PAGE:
Adobe yesterday updated Flash Player to solve a weeks-long problem for users of Mozilla's Firefox browser.
The update, Flash Player 11.3.300.262, was released Thursday and applies only to Firefox on Windows.
Since Adobe shipped an update to Flash Player to 11.3 two weeks ago, users of Firefox, including older editions as well as the current Firefox 13, had reported crashes when trying to access Flash content.
Initial suspicions at Mozilla pointed to Flash Player 11.3's new sandboxed plug-in for Firefox, but yesterday Adobe claimed that there were "different causes" for the crashes, which seemed to be concentrated on Windows Vista and Windows 7 machines.
There was some finger-pointing on Adobe's part as well. In its own bug-tracking database, Adobe said it could not reproduce the crash, with contributors there chastising Mozilla for blaming Adobe. "This is on Mozilla's end, even though they completely blamed Adobe for it," wrote someone identified as "Squall_Leonhart69r" on the Adobe bug database.
For its part, Mozilla had spun up a quick update to Firefox, version 13.0.1, and began pushing it to users on June 15. Around the same time, Mozilla also "blacklisted" the RealPlayer plug-in, which was contributing to the crashes.
Mozilla has the ability to disable troublesome extensions or plug-ins by adding them to the Firefox add-on blocklist. Firefox installations automatically query the list and notify users before disabling the targeted add-ons.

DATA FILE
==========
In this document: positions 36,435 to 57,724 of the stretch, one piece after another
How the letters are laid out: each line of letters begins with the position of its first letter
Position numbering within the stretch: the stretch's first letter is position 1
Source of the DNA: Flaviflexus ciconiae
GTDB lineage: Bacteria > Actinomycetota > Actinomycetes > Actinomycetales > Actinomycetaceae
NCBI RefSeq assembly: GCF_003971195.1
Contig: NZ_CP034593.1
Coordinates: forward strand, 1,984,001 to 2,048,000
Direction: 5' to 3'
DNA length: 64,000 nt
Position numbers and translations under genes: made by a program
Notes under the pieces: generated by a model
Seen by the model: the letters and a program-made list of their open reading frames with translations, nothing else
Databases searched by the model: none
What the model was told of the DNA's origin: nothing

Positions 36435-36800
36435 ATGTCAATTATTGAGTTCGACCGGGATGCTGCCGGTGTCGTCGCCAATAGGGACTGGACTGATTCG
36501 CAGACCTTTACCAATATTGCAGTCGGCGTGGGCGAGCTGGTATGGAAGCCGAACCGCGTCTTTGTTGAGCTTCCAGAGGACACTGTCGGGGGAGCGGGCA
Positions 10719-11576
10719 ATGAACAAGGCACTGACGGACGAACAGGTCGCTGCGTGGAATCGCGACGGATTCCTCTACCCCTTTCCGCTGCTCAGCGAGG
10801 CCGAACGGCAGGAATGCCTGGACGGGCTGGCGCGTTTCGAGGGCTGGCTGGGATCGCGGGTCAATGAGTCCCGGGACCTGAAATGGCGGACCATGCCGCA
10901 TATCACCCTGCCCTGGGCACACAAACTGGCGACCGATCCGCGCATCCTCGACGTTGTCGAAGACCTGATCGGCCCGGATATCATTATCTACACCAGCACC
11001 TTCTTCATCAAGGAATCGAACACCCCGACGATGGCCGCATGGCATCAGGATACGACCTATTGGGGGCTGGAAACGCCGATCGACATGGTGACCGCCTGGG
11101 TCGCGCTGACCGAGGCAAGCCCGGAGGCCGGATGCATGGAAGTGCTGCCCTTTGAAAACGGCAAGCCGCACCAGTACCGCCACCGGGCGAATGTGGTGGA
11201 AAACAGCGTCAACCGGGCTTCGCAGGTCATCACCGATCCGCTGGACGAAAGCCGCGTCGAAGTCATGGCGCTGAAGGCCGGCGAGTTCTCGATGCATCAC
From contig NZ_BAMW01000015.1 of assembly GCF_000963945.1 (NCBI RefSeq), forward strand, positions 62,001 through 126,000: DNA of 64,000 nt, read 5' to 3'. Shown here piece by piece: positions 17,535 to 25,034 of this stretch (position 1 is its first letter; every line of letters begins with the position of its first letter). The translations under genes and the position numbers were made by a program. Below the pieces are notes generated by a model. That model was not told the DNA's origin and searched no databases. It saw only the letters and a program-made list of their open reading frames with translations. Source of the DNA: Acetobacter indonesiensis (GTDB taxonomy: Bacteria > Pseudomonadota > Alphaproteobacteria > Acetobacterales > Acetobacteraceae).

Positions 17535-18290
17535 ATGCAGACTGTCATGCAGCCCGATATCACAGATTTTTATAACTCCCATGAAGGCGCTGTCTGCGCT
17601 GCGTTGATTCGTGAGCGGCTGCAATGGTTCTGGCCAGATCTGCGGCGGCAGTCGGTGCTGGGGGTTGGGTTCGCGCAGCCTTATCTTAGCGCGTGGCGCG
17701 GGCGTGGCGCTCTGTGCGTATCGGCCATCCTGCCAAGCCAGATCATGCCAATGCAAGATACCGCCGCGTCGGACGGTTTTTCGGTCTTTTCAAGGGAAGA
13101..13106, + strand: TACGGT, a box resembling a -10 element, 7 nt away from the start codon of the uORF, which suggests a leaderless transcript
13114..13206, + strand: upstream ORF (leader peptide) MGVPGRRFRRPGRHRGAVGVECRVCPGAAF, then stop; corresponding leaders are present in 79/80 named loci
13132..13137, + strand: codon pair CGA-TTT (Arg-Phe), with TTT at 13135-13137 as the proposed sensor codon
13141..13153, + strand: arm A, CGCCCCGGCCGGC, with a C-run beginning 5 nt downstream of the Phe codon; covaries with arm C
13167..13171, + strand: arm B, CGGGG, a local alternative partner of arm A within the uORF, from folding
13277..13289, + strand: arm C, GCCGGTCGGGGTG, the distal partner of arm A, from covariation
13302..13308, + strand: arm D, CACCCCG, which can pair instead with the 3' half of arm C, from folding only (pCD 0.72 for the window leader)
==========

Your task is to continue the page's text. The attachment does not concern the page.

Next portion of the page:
The open-source developer has used its blacklist sparingly, most recently in April, when it disabled older versions of Java during the Flashback malware campaign.
"We continue to work closely with Mozilla to further improve pre-release testing to more reliably catch issues like these," said Adobe in a Thursday blog.
Flash Player 11.3.300.262 can be downloaded from Adobe's website. Firefox users can also wait for Flash's silent updater to automatically download and install the new plug-in.
Gregg Keizer covers Microsoft, security issues, Apple, Web browsers and general technology breaking news for Computerworld. Follow Gregg on Twitter at @gkeizer, on Google+ or subscribe to Gregg's RSS feed . His email address is email@example.com.